Cans and cants: Computational potentials for multimodality with a case study in head position

Rob Voigt*, Penelope Eckert, Dan Jurafsky, Robert J. Podesva

*Corresponding author for this work

Research output: Contribution to journalArticlepeer-review

6 Scopus citations


As the study of embodiment and multimodality in interaction grows in importance, there is a need for novel methodological approaches to understand how multimodal variables pattern together along social and contextual lines, and how they systematically coalesce in communicative meanings. In this work, we propose to adopt computational tools to generate replicable annotations of bodily variables: these can be examined statistically to understand their patterning with other variables across diverse speakers and interactional contexts, and can help organize qualitative analyses of large datasets. We demonstrate the possibilities thereby with a case study in head cant (side-to-side tilt of the head) in a dataset of video blogs and laboratory-collected interactions, computationally extracting cant and prosody from video and audio and analyzing their interactions, looking at gender in particular. We find that head cant indexes an orientation towards the interlocutor and a sense of shared understanding, can serve a ‘bracketing’ function in interaction (for speakers to create parentheticals or asides), and has gendered associations with prosodic markers and interactional discourse particles.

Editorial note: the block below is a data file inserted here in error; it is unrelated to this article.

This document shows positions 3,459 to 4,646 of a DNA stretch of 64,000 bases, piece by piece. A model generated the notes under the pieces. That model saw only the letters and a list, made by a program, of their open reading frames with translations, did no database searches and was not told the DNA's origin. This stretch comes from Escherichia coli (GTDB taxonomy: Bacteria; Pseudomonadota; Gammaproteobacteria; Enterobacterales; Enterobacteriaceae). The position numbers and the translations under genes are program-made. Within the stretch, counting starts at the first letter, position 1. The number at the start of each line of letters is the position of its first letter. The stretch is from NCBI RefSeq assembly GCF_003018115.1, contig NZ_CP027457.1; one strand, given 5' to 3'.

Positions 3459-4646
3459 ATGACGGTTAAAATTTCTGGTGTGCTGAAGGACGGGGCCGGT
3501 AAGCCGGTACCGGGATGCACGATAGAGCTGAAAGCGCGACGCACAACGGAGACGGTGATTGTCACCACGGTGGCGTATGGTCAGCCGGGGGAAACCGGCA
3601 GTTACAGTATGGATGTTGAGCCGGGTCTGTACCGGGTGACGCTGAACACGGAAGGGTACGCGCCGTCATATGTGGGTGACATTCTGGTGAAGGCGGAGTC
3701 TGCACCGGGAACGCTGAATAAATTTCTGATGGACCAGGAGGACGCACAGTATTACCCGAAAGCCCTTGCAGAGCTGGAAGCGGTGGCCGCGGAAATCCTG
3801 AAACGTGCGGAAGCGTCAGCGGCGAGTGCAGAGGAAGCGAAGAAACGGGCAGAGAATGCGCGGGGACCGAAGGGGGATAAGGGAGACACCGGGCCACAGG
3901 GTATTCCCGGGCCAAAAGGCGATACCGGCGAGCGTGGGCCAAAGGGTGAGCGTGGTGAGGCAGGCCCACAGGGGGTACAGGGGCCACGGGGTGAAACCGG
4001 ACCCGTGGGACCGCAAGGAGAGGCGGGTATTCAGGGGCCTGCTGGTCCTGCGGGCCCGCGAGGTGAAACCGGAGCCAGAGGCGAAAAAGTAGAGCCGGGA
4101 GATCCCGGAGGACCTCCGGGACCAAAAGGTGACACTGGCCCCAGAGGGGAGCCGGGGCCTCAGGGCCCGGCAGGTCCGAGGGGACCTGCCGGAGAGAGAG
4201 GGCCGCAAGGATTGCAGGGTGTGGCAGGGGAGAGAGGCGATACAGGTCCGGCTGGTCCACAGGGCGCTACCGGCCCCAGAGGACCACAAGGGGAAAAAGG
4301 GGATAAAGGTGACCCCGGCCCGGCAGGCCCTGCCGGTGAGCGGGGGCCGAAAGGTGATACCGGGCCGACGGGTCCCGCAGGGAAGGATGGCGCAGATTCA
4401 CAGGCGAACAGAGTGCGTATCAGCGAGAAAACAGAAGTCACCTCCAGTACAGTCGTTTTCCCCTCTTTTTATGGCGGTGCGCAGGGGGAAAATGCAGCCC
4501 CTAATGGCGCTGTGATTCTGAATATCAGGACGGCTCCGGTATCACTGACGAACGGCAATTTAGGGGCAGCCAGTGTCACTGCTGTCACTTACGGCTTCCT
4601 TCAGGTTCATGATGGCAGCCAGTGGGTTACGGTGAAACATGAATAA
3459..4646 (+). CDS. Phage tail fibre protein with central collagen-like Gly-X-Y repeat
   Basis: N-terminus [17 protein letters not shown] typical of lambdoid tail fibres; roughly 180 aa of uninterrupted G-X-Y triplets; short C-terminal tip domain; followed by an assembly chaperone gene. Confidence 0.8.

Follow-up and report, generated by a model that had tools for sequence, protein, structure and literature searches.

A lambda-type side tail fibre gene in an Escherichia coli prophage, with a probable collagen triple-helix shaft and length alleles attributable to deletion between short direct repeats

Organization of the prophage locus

Original languageEnglish (US)
Pages (from-to)677-711
Number of pages35
JournalJournal of Sociolinguistics
Issue number5
StatePublished - Nov 1 2016


  • body positioning
  • computer vision
  • Embodiment
  • gender
  • head cant
  • interaction
  • multimodality
  • prosody

ASJC Scopus subject areas

  • Language and Linguistics
  • Sociology and Political Science
  • Philosophy
  • Linguistics and Language
  • History and Philosophy of Science


Dive into the research topics of 'Cans and cants: Computational potentials for multimodality with a case study in head position'. Together they form a unique fingerprint.

Cite this